Thin Lizzy’s success peaked with the towering double album Live and Dangerous, which went double platinum in the UK in 1978. That year Philip’s first daughter, Sarah was born. In 1980, he married Caroline Crowther and the couple had their second child together, Cathleen. Philip Lynott bought a house on Burrow Road in Sutton for the family, and they returned to Ireland together.
He also bought a house for Philomena, on the Strand Road in Sutton, called White Horses. That he wanted Philomena close to him, and to his family, was clear. She remained in that beautiful spot, overlooking Dublin Bay, more or less for the rest of her life, living with her partner Dennis Keeley until he died in 2010, and accompanied throughout by her close friend, ally and confidant Graham Cohen.
There were further high-points in Philip’s career: chart success with Gary Moore on ‘Parisienne Walkways’ and ‘Out In The Fields’; a No.4 album with Thin Lizzy’s Thunder & Lightning; the use, as the Top of the Pops theme tune, of ‘Yellow Pearl’ – originally released on his debut Philip Lynott album, Solo In Soho, and included in a different mix on the follow-up, Philip Lynott; the much loved single and video ‘Old Town’ – and so on...
The story of the tragic death of Philip Lynott will be familiar to fans of Philip Lynott and of Thin Lizzy, all over the world. Philomena was with Philip when he died of septicemia, in Salisbury General Infirmary, on January 4, 1986. It is impossible to convey just how traumatic the experience was for Philomena: believing that he could be saved and then watching in horror as life finally and cruelly slipped away from him. To say that her son’s death left Philomena devastated and bereft is to understate it. She was plunged into a state of depression from which she found it very difficult to recover.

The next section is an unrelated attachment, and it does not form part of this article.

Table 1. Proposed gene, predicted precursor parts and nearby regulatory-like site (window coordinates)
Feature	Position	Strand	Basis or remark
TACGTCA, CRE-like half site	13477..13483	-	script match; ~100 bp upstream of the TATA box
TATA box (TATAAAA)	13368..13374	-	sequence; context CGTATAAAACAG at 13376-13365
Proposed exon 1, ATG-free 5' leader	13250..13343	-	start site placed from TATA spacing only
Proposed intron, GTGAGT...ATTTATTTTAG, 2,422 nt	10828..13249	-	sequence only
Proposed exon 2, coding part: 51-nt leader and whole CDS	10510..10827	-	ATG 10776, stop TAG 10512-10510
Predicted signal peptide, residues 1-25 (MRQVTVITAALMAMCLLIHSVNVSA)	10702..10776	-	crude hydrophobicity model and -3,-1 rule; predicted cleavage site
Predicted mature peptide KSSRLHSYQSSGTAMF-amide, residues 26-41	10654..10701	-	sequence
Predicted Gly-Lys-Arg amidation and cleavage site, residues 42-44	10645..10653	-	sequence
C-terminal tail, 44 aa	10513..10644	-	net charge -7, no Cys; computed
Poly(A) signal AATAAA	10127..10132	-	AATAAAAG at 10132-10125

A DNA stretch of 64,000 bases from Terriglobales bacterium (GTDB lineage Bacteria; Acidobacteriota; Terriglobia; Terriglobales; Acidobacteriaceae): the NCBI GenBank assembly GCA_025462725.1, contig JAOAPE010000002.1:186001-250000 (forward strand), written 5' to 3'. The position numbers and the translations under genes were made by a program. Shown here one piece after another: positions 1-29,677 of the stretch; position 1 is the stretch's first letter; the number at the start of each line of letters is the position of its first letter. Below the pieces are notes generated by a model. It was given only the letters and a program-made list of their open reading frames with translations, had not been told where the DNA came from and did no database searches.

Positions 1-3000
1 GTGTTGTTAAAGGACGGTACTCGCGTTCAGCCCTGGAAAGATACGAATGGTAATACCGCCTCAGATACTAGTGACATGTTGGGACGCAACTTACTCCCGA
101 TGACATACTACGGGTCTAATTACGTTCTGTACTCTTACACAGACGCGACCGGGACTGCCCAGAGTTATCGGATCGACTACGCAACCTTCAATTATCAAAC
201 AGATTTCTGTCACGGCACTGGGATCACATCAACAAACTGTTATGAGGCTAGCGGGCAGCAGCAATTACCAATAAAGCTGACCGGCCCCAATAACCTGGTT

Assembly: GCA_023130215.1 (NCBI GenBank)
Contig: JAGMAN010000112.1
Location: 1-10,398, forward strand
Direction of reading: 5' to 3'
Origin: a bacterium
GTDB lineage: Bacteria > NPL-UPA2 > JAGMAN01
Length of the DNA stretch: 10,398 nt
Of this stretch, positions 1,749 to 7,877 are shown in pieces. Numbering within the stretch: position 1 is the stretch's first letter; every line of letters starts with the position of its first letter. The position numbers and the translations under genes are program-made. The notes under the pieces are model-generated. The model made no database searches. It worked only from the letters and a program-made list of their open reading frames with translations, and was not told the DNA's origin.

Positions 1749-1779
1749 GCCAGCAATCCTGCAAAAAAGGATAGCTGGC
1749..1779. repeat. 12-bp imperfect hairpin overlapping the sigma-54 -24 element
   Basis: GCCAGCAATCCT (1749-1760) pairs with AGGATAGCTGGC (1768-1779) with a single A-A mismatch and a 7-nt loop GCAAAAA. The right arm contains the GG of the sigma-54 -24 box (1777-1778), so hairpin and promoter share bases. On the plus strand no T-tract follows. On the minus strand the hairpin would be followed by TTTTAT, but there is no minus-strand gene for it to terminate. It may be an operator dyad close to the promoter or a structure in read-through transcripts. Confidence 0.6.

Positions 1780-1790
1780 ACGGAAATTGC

TIME FOR EVERYONE
She did eventually turn the corner, finding a new sense of purpose in dedicating her life to doing everything she possibly could to preserve Philip Lynott’s memory. Hot Press became a more integral part of that journey with the publication of her memoir My Boy, written with Jackie Hayden, of this parish, in 1995. It became a No.1 best seller in Ireland, and was released through Virgin Books in the UK.
It was a hugely positive and cathartic experience for Philomena, being able to tell the full story of her relationship with her son, and the terrible circumstances of his drug addiction and, ultimately, his death for the first time, and in such a powerful, far-reaching way. The energy and commitment that she brought to the cause of promoting the book was extraordinary. She did as many radio and TV interviews as we asked of her, never complaining once. We organised signings and she happily spent almost an entire day in places like Eason’s on O’Connell Street and Dubray Books on Grafton Street. And she was the same in bookshops all over Ireland, always willing to go the extra mile.
She was hugely generous in her approach to fans. She spent time talking to them. She wrote personal dedications specially for them. And she kept going – and going – long after the vast majority of authors would have packed up and wandered home.
Almost overnight, Philomena herself became a star. Recognised constantly on the street, she was the subject of considerable, ongoing media attention. The book, and the celebrity which it afforded her, helped enormously too in the campaign to have a statue of Philip erected in Dublin.